Cookies on this website

We use cookies to ensure that we give you the best experience on our website. If you click 'Accept all cookies' we'll assume that you are happy to receive all cookies and you won't see this message again. If you click 'Reject all non-essential cookies' only necessary cookies providing core functionality such as security, network management, and accessibility will be enabled. Click 'Find out more' for information on how to change your cookie settings.

Consistent predictors, and more especially moderators, of response to psychological treatments for eating disorders have not been identified. The present exploratory study examined predictors and moderators of outcome in adult patients who took part in a randomised clinical trial comparing two leading treatments for these disorders, enhanced cognitive behavioural therapy (CBT-E) and interpersonal psychotherapy (IPT). Four potentially important findings emerged. Firstly, patients with a longer duration of disorder were less likely to benefit from either treatment. Second, across the two treatments the presence, at baseline, of higher levels of over-evaluation of the importance of shape predicted a less good treatment outcome. Third DSM-IV diagnosis did not predict treatment outcome. Fourth, with the exception of patients with baseline low self-esteem who achieved a better outcome with CBT-E, it was generally not possible to identify a subgroup of patients who would differentially benefit from one or other treatment.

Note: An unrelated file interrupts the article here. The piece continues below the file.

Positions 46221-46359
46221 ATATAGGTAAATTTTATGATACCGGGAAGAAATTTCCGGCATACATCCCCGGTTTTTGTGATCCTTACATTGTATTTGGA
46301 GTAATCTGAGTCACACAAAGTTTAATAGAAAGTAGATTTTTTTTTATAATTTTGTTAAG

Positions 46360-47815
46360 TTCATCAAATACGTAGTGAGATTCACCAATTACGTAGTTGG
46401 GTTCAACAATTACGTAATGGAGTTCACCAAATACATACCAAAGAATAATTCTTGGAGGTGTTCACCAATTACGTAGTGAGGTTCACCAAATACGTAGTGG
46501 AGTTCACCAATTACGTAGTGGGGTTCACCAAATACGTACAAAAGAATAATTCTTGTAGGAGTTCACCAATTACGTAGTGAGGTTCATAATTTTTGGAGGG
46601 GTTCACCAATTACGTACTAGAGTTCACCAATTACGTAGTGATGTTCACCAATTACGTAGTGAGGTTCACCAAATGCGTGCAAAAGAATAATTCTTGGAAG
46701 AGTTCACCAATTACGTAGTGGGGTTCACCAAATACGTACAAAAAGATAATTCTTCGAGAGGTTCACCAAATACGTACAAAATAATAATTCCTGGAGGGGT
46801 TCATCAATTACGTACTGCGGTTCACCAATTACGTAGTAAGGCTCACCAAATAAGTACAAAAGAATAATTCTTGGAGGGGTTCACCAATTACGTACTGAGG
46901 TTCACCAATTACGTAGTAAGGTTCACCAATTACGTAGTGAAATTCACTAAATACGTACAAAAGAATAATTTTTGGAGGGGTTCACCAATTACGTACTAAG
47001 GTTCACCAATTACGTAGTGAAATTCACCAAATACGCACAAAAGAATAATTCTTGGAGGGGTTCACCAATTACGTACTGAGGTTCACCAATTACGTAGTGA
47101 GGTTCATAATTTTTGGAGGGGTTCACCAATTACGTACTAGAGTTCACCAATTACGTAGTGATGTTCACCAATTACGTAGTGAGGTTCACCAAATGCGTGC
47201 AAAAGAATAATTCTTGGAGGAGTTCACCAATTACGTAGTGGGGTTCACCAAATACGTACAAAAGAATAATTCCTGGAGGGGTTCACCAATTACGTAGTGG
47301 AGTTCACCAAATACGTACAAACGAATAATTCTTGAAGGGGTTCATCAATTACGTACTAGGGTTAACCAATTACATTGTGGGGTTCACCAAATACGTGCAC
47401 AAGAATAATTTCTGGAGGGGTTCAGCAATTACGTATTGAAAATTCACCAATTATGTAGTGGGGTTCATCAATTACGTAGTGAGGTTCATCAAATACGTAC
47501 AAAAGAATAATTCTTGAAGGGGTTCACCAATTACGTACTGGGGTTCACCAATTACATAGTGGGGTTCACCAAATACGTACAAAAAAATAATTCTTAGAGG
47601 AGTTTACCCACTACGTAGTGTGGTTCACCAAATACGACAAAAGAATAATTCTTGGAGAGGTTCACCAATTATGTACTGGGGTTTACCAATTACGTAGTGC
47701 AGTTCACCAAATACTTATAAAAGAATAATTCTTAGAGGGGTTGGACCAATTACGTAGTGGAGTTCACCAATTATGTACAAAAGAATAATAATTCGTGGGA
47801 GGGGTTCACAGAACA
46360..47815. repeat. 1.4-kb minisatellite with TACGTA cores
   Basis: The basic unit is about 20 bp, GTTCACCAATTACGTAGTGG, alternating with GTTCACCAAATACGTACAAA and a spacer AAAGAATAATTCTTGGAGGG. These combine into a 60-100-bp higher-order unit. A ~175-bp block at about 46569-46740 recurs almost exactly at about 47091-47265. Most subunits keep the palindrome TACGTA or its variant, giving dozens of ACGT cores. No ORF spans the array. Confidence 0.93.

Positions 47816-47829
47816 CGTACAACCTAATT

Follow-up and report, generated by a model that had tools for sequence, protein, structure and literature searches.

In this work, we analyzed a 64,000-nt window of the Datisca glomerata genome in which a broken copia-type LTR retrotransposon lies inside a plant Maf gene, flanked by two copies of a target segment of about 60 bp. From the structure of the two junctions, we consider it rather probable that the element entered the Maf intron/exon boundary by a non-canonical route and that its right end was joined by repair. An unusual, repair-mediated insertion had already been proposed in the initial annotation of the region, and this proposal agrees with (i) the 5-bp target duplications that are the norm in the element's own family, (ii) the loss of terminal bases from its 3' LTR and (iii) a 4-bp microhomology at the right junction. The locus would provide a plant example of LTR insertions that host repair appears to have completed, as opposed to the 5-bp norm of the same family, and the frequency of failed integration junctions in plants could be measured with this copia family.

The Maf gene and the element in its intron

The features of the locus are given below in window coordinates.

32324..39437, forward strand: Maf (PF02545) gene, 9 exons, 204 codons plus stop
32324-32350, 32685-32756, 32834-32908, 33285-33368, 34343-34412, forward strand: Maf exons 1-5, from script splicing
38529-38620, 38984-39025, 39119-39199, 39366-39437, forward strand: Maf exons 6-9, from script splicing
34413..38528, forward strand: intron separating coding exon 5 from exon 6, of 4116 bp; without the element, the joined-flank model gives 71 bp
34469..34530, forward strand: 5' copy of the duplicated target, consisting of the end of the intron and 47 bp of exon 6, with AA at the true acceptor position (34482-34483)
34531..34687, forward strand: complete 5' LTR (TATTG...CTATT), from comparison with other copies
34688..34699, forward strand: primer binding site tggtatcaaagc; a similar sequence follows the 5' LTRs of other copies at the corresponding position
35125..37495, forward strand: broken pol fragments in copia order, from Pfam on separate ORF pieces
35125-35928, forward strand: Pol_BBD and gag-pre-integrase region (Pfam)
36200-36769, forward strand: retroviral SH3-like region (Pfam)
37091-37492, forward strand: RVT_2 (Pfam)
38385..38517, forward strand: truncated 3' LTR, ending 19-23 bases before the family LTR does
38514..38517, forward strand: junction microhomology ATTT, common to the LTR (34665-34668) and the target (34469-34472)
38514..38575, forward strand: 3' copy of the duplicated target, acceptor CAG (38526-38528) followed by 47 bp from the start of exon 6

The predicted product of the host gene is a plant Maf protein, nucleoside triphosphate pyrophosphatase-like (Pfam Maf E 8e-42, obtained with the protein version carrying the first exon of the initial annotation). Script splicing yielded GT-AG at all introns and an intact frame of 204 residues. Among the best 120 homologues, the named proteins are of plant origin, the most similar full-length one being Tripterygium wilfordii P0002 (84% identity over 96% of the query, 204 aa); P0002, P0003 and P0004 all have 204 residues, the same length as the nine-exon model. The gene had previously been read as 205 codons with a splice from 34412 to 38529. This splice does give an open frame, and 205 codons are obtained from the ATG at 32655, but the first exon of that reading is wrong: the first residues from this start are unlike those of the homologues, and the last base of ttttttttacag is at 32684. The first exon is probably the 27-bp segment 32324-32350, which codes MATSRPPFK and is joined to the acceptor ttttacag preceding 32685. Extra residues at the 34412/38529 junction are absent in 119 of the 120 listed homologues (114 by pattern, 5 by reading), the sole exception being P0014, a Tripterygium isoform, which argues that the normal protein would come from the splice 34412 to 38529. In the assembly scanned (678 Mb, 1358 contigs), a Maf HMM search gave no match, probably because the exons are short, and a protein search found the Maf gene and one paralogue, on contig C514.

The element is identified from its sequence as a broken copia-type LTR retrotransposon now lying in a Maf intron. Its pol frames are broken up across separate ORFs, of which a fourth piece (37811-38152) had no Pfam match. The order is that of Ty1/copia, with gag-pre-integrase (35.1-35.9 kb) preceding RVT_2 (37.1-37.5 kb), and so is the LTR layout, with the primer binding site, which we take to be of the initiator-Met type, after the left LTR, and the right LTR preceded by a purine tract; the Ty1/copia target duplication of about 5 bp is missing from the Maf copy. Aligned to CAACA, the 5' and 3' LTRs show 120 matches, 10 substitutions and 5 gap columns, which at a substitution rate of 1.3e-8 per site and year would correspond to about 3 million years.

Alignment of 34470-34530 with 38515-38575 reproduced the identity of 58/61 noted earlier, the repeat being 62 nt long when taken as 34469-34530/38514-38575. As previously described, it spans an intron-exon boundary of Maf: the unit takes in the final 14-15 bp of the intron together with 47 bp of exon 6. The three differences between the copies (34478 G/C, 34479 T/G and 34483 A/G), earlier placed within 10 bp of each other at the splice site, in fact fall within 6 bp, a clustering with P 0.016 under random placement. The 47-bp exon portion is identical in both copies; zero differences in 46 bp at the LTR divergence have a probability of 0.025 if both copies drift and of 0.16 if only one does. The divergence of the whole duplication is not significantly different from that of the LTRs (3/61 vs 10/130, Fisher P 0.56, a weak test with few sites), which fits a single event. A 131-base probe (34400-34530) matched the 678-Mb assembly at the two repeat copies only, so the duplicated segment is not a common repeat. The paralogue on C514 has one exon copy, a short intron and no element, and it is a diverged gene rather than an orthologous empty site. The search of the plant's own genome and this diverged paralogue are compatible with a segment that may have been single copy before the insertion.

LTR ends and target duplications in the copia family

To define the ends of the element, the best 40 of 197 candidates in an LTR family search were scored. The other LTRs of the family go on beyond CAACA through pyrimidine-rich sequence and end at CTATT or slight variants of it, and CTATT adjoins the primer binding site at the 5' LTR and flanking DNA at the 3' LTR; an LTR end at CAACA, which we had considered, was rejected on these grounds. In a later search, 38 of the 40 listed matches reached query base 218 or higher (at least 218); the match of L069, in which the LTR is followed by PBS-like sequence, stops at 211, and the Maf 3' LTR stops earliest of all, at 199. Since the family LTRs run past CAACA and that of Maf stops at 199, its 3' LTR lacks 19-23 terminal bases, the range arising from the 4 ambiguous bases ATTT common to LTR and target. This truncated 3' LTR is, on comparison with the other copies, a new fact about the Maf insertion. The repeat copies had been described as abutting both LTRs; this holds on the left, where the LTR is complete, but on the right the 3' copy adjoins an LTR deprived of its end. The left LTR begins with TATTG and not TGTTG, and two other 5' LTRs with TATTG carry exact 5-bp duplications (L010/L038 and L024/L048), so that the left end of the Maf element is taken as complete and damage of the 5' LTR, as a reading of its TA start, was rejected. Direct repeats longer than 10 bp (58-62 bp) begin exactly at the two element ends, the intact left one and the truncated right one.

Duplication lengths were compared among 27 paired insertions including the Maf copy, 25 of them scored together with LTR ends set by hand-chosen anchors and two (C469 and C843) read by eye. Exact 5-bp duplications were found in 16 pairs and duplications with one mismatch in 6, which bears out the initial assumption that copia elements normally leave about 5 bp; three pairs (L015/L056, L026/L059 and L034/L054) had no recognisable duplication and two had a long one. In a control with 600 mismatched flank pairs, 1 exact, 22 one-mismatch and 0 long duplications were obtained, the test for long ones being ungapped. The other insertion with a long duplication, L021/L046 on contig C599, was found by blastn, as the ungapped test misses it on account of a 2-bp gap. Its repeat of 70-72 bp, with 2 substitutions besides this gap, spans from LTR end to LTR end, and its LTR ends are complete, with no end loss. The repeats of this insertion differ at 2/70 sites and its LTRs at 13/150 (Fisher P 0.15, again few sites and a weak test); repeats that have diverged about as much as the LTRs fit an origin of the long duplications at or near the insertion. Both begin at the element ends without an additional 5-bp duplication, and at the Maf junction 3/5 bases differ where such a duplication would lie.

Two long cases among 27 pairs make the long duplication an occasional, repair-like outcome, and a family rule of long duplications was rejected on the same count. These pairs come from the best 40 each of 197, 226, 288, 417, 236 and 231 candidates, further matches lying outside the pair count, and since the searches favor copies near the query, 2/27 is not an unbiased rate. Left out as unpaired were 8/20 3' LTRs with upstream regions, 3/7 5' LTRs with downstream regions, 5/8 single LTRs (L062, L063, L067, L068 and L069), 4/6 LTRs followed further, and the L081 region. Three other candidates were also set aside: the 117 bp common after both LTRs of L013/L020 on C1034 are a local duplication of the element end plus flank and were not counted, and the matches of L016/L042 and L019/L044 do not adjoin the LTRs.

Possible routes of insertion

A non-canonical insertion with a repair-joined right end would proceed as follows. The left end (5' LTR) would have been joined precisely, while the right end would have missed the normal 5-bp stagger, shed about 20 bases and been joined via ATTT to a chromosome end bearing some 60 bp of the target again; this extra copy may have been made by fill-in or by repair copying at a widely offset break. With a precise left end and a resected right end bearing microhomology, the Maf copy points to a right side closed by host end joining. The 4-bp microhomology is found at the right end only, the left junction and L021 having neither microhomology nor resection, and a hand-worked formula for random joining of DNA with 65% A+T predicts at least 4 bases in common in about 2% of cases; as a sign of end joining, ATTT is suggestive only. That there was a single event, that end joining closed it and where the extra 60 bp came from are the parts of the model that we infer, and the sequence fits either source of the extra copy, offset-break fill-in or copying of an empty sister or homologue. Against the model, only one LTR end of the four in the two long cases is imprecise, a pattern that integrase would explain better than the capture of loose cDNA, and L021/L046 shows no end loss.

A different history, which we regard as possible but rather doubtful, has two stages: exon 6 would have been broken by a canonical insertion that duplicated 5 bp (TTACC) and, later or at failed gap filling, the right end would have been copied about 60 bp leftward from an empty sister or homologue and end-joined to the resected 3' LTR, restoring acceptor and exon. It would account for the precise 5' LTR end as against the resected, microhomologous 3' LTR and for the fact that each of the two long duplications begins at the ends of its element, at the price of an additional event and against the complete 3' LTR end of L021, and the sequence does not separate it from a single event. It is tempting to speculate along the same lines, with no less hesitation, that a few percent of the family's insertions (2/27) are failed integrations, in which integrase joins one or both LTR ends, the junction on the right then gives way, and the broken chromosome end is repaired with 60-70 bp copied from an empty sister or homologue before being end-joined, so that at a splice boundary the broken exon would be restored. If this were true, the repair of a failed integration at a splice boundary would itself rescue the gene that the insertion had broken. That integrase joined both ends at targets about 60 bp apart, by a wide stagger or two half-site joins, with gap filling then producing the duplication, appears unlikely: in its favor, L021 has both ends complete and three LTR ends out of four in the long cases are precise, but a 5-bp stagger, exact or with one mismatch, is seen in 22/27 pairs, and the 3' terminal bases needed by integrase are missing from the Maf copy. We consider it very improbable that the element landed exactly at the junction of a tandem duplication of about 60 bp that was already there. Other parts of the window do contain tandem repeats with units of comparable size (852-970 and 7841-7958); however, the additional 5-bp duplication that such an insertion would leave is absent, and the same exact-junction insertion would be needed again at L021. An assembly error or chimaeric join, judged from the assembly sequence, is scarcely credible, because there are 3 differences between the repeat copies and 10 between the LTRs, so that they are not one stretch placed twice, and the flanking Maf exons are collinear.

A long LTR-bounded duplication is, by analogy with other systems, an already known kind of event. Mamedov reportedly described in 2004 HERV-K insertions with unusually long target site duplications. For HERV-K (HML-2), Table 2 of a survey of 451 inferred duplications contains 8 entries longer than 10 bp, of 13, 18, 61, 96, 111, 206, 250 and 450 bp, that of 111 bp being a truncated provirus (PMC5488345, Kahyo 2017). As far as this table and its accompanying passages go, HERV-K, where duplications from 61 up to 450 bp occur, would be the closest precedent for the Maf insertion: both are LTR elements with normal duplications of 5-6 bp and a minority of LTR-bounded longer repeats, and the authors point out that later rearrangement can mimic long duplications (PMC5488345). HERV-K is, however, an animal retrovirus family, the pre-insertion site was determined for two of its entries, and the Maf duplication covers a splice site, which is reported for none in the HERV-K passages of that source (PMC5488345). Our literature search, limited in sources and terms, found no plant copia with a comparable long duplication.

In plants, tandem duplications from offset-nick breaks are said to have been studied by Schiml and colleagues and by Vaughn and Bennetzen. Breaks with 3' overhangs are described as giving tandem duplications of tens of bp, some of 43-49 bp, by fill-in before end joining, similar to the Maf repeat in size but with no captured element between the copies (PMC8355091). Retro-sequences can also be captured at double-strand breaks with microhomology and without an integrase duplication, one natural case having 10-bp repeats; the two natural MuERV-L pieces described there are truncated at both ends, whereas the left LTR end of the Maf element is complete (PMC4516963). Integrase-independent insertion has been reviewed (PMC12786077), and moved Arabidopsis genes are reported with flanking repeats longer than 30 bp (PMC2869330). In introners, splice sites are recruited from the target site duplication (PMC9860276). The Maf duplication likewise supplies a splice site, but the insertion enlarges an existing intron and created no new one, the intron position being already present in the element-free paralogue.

Original publication




Journal article


Behav Res Ther

Publication Date





9 - 13


Eating disorders, Enhanced cognitive behavioural therapy, Interpersonal psychotherapy, Moderators, Outcome, Predictors, Adolescent, Adult, Aged, Body Image, Cognitive Behavioral Therapy, Diagnostic and Statistical Manual of Mental Disorders, Feeding and Eating Disorders, Humans, Middle Aged, Psychotherapy, Self Concept, Time Factors, Treatment Outcome, Young Adult